Florida Blue announced Friday that it will invest $1.7 million to address the poverty in two of Tampa Bay’s poorest zip codes.
“We thought we could make a difference here,” said Florida Blue’s CEO of two of the region’s poorest ZIP codes.
The investment, made in partnership with the Tampa Innovation Partnership, aims to provide better health, housing, employment, and other opportunities for these north Tampa communities.
It’s part of the statewide Growing Resilient Communities initiative launched by Guidewell, the holding company of insurer Florida Blue. The program’s goal is to combat generational poverty in four areas of the state: Tampa, Fort Lauderdale, Jacksonville, and Orlando.
Florida Blue and GuideWell president and CEO Pat Geraghty said they chose these areas because they were among the “most challenged” in Florida.
“We thought we could make a difference here,” Geraghty said. “By lifting up those around us through investing in people and relevant programs, we aim to significantly impact those affected in a meaningful, powerful and long-lasting way that will benefit generations to come.”
ZIP code 33612 runs from E Busch Boulevard north to E Fletcher Avenue, is bordered on the east by the University of South Florida and on the west by the area around N Armenia Avenue. The 33613 ZIP code is the area north of E Fletcher Avenue, includes the USF campus, and runs north along U.S. 41 to Lutz. Those areas include the University area.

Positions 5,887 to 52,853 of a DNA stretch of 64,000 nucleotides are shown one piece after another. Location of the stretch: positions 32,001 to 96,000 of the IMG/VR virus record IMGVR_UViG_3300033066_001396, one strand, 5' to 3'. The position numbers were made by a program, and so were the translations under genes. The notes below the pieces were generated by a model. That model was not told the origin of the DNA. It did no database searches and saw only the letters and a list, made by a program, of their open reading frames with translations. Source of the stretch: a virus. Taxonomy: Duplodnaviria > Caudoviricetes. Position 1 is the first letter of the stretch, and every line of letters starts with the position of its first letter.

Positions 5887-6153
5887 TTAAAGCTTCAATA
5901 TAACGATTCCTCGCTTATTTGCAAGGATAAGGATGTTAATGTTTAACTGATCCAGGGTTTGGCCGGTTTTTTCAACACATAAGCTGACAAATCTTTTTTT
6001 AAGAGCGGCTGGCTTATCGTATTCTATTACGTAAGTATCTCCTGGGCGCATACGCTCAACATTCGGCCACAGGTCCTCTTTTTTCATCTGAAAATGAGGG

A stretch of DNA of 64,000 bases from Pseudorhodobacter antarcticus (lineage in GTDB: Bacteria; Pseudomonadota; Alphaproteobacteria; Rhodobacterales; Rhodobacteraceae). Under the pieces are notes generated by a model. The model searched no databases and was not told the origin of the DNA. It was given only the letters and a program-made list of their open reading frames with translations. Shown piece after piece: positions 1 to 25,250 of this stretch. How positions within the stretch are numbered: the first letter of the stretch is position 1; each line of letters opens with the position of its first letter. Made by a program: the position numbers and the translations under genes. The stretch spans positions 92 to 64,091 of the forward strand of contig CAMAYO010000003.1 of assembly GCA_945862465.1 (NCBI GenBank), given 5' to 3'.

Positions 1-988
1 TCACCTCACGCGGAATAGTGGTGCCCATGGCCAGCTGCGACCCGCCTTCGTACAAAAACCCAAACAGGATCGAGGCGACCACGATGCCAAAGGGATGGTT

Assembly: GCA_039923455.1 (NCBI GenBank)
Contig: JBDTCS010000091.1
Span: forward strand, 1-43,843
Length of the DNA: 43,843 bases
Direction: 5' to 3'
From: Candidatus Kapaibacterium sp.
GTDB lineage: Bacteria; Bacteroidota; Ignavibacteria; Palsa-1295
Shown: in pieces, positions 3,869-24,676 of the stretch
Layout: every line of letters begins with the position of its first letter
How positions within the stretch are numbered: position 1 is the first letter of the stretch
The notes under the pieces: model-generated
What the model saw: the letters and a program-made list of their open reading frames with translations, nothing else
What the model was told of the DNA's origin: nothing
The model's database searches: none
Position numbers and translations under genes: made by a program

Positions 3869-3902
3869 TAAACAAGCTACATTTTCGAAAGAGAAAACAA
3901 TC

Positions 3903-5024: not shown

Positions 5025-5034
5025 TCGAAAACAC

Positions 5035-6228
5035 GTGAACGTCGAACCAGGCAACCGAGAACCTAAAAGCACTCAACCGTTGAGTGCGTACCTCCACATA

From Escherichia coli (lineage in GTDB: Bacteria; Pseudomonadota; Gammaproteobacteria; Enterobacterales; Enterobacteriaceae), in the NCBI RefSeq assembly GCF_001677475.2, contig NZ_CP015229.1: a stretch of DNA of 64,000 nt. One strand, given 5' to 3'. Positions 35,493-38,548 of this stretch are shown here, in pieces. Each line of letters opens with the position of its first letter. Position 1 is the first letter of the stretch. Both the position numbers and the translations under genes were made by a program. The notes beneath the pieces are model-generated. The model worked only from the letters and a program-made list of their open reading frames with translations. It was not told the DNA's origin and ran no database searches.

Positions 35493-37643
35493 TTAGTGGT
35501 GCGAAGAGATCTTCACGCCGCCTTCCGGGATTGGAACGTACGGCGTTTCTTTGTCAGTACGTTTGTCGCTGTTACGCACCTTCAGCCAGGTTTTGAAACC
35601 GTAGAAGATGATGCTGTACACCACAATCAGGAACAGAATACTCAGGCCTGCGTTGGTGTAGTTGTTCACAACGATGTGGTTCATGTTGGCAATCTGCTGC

Florida Blue says it has been working on this investment since 2019 to address “the social drivers of generational poverty” across the state.
Tampa Innovation Partnership executive director Mark Sharpe said he’s seen the challenges facing these communities first-hand being born and raised in Tampa.
“I looked around and said, ‘We got to do better.’” Sharpe said. “With great institutions (like) Moffitt Cancer, Busch Gardens, (the) University of South Florida right across the street, you’ve got the challenges that we face.”
He said the next step in the investment will be to build a coalition.
Sharpe hopes to bring in organizations and businesses across the spectrum like the NAACP, Crossover Church, the city of Tampa, and others to help build these communities.
He hopes they’ll start seeing change by the end of the year.
“The people who live here are going to look around in a few years and go, ‘My goodness, I didn’t think this was possible,’” Sharpe said.
He challenged the business community to join the effort to improve the University area.
“Today’s event is a clarion call to the public and private sectors to disrupt the cycle of poverty,” he said at Friday’s announcement at University Mall. “Let us join forces to ensure that every community in Hillsborough County thrives.”